Government clamps down on offshore developers of UK land
Until now the general rule has been that liability to UK tax in respect of trading activities has only arisen where the trade is carried on by a UK resident or where the underlying business is represented by what is termed a permanent establishment.
This limitation to the scope of UK tax has been used in a wide range of circumstances on UK property development projects. A common example of this would be the development of UK property by say a Jersey or Guernsey resident company. The assertion was that by its very nature a development site is not a permanent establishment: by its very nature, the carrying on of business at the site is intended to be time limited i.e. not permanent.
An attack on the use of this route was announced in the Budget, however, the proposed legislation regarding this matter was not published until 5 July 2016. The objective of this new legislation is to ensure that profits they generated from trading in and developing UK land are subject to UK tax regardless of the residence of the underlying developer and whether or not there is a permanent establishment.
The rules will capture the profits of a UK property trade carried on by a person in so far as the trade consists of:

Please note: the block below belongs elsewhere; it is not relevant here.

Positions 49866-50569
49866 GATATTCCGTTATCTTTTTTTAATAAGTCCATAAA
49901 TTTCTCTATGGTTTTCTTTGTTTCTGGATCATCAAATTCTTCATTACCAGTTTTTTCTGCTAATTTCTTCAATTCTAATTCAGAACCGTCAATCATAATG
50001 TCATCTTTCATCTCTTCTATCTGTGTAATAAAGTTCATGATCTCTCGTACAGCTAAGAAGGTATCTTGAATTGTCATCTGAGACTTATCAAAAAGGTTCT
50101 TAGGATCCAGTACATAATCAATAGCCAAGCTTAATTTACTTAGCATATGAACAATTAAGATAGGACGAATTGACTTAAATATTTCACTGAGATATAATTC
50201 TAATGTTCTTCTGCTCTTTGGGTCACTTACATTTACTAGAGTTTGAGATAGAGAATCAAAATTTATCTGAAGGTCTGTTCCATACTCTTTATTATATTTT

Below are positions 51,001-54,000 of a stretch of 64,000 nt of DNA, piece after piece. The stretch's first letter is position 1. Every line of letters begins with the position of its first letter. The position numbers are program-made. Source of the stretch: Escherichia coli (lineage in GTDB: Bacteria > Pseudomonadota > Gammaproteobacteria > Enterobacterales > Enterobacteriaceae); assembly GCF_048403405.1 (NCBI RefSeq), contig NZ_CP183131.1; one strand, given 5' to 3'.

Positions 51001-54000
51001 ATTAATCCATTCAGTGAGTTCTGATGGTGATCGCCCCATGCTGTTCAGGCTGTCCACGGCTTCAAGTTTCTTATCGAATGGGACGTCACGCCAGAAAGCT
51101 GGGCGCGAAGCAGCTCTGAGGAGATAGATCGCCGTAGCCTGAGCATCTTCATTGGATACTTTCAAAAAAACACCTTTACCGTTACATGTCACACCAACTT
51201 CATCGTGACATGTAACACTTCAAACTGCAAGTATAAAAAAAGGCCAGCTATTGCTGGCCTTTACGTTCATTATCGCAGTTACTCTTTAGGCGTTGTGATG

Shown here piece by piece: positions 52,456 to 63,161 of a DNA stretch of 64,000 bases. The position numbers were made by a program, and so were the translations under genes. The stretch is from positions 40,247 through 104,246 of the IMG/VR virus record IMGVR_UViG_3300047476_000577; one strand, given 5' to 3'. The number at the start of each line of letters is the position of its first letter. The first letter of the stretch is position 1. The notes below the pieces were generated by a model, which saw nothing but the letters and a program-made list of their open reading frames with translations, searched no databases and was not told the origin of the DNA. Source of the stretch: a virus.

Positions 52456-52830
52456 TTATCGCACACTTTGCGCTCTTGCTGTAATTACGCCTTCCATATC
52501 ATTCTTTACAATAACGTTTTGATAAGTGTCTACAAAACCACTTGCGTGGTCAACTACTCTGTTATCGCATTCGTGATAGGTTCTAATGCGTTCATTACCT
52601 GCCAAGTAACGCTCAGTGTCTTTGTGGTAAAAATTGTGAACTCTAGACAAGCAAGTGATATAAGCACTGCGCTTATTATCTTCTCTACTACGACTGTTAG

- dealing in any estate, interest or right in or over land in the UK, or
- developing any land in the UK with a view to disposing of any estate, interest or right in or over the land; this will include redevelopment.
- To be captured by the new rules, one of the following requirements must be met:
- One of the main purposes of acquiring the land was to realise a profit or gain from disposing of the land;
- One of the main purposes of acquiring any property deriving its value from land (e.g. shares) was to realise a profit or gain from disposing of the land;
- The land is held as trading stock; or
- One of the main purposes of developing the land was to realise a profit or gain from disposing of the land when developed.
These new provisions (coupled with various tax treaty changes reinforcing these new rules) will impact on how development of UK property is dealt with going forward. For developments in progress, where reliance was being placed on an absence of permanent establishment to mitigate exposure to UK tax, immediate consideration needs to be given to any resulting exposure.
These new provisions are stated to be part of creating a level playing field. Time will tell what the economic impact of widening the tax base in this fashion will be to UK property development.
If you are an offshore UK land developer and have any immediate questions please contact your local office or send enquiry as we are interested in discussing this with you.